Gender selection: What ethical issues does it raise?
Published 03/03/2016 | 02:30
Deirdre Madden is a professor of Law at University College Cork and author of Medicine, Ethics and The Law. She believes electing to have a baby of a certain gender raises some challenging questions.
"There's the question of whether you want to have a particular sex for a first child and the question of wanting a different sex for your fourth, fifth or sixth child which is a different argument," she explains.
"If you take a libertarian perspective, where you value choice and liberty, then you're not harming anybody by choosing to have a baby of a specific gender and why should the State interfere? You're not any more likely to treat the child badly because of its sex and it's your choice to make."
But from the unborn embryo's point of view, valuing one sex over the other is discrimination. It also raises concerns about imprinting the parents' preconceived notions of that gender on the child.
"You're seeking to design a child to your own specifications and the argument could be made that that could harm the child if they know they were chosen because of their sex," says Professor Madden.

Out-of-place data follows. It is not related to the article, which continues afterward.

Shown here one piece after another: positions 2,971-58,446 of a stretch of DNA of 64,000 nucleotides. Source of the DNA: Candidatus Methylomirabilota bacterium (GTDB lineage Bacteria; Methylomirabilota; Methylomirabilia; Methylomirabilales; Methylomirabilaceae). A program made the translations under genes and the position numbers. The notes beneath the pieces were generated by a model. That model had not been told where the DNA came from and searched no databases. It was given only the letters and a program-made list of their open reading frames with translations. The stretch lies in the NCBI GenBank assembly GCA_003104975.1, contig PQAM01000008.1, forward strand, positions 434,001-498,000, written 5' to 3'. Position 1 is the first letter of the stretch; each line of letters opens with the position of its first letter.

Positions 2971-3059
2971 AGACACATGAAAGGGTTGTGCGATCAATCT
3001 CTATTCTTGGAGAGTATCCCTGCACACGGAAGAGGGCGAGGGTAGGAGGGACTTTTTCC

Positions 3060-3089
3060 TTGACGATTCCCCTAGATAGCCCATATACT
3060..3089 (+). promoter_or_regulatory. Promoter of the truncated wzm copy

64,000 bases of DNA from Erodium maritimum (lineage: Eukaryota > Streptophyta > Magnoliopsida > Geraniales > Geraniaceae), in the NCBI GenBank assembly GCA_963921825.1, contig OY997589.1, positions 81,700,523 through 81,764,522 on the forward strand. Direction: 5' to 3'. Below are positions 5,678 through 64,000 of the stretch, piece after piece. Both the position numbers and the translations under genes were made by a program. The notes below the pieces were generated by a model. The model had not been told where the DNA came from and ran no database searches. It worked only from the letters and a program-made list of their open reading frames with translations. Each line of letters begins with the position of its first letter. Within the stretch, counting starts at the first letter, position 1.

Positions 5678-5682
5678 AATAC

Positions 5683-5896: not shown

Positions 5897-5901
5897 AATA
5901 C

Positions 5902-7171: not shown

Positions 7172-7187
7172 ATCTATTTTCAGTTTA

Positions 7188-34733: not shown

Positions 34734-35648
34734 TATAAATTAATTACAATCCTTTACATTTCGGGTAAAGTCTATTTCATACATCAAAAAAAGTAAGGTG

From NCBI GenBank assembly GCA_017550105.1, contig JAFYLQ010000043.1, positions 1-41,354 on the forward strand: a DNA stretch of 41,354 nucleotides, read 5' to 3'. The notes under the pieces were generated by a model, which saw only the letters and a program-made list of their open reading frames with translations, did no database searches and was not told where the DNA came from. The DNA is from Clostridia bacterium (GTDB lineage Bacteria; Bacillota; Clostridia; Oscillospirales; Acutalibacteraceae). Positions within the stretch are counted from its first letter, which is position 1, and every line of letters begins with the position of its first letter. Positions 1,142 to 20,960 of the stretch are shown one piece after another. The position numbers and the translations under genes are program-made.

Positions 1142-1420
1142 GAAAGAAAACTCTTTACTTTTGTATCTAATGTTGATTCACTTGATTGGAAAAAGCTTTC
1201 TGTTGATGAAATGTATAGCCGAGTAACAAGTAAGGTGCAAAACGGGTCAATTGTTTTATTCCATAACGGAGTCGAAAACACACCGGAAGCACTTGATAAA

"They may feel they have to live up to the stereotypes of that gender, and if they don't 'act like a girl' will they be rejected by their parents?"
There's also the question of the embryos discarded because they are the wrong gender, the argument that widespread sex selection could affect global gender balance and reinforce gender stereotypes.
"There's a level of consumerism to it," says Professor Madden. "That you are 'entitled' to have a child that matches your specific expectations."
But despite that fact that some clinics like Dr Steinberg's are now experimenting with selecting eye colour and other attributes, she doesn't feel PGD represents an opening of the floodgates.
"The notion of 'designer babies' always tends to be sensationalised in the media and people always talk about the 'slippery slope' which is a pretty negative view of what legislation can do," she says.
"After Dolly the Sheep there were a lot of fears about cloning that never came to pass. I think the big danger is not having sufficient legislation and allowing reproductive health to become big business."